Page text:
‘‘My father tried various breeds in the past but we’ve found the Headwaters sheep is definitely superior for our type of farming. We’re very happy with their resilience and their performance. Then you have a whole other side, with the special qualities of the Omega lambs, the omega 3, the good intramuscular fats and the exceptional flavour and texture,’’ he said.

The 100% Headwaters flock was already established at Dome Hills when Mr Douglas returned to the station six years ago, following his university studies and then a banking career in New Zealand and London. . . 

It’s all kosher – Taggart –  David Anderson:

Farmer-owned cooperative Alliance Group says it has already returned $17 million of the $34.3 million it claimed from the Covid-19 wage subsidy.

In a statement to Rural News, Alliance chairman Murray Taggart said the co-op had been “open and upfront” about the wage subsidy.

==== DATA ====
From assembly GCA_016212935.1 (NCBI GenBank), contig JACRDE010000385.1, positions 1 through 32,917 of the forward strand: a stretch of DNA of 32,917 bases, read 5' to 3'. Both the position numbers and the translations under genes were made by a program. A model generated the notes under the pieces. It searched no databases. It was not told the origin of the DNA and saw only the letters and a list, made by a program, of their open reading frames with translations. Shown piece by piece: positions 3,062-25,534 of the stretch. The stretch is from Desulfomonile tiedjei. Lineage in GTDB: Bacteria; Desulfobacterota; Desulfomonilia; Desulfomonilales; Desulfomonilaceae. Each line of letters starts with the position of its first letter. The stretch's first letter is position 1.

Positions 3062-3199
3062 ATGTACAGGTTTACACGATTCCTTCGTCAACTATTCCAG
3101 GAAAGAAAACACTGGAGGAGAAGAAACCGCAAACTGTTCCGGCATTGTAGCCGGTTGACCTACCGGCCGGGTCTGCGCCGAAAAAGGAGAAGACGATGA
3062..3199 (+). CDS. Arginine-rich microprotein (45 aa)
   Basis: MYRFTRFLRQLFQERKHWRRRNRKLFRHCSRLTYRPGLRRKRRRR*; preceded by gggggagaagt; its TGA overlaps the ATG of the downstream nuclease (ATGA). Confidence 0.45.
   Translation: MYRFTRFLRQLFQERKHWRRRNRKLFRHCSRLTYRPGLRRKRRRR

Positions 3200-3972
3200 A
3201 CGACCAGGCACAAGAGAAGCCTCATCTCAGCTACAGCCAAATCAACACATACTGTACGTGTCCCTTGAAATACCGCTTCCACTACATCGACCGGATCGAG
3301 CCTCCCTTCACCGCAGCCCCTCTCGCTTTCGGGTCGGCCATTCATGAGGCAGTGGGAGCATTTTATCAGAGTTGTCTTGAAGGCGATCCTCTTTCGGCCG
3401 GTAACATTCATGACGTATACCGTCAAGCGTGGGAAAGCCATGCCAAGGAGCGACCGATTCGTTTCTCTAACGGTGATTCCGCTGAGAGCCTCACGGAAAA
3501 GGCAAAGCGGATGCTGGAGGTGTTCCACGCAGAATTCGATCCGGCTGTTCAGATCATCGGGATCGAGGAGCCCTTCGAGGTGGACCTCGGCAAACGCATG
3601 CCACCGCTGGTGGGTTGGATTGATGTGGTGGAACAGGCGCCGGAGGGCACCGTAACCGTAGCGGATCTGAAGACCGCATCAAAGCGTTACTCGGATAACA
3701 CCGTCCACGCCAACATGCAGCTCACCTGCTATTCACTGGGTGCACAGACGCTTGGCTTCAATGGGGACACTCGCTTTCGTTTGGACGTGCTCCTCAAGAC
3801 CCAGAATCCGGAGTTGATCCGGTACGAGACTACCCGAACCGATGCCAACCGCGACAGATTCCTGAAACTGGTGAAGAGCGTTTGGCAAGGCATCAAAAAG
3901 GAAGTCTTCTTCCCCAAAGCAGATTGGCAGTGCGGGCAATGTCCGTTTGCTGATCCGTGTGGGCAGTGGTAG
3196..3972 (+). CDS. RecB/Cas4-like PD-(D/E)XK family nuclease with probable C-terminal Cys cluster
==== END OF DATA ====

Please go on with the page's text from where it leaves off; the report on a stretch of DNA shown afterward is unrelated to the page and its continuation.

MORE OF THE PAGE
“We have been in ongoing discussions with the Ministry of Social Development about the application of the subsidy and stated from the outset that we would return any funds not used to pay people. In line with that commitment, we have returned $17 million of the subsidy.”

Taggart said the company’s application for the wage subsidy was supported and endorsed by the New Zealand Meat Workers Union. . .

Soil carbon influences climate, farm productivity– Professor Louis Schipper:

In the first of three articles about soil carbon, Prof Louis Schipper from the University of Waikato explains why soil carbon matters to farmers, what influences it and what we currently know about carbon stocks in New Zealand’s pastoral soils.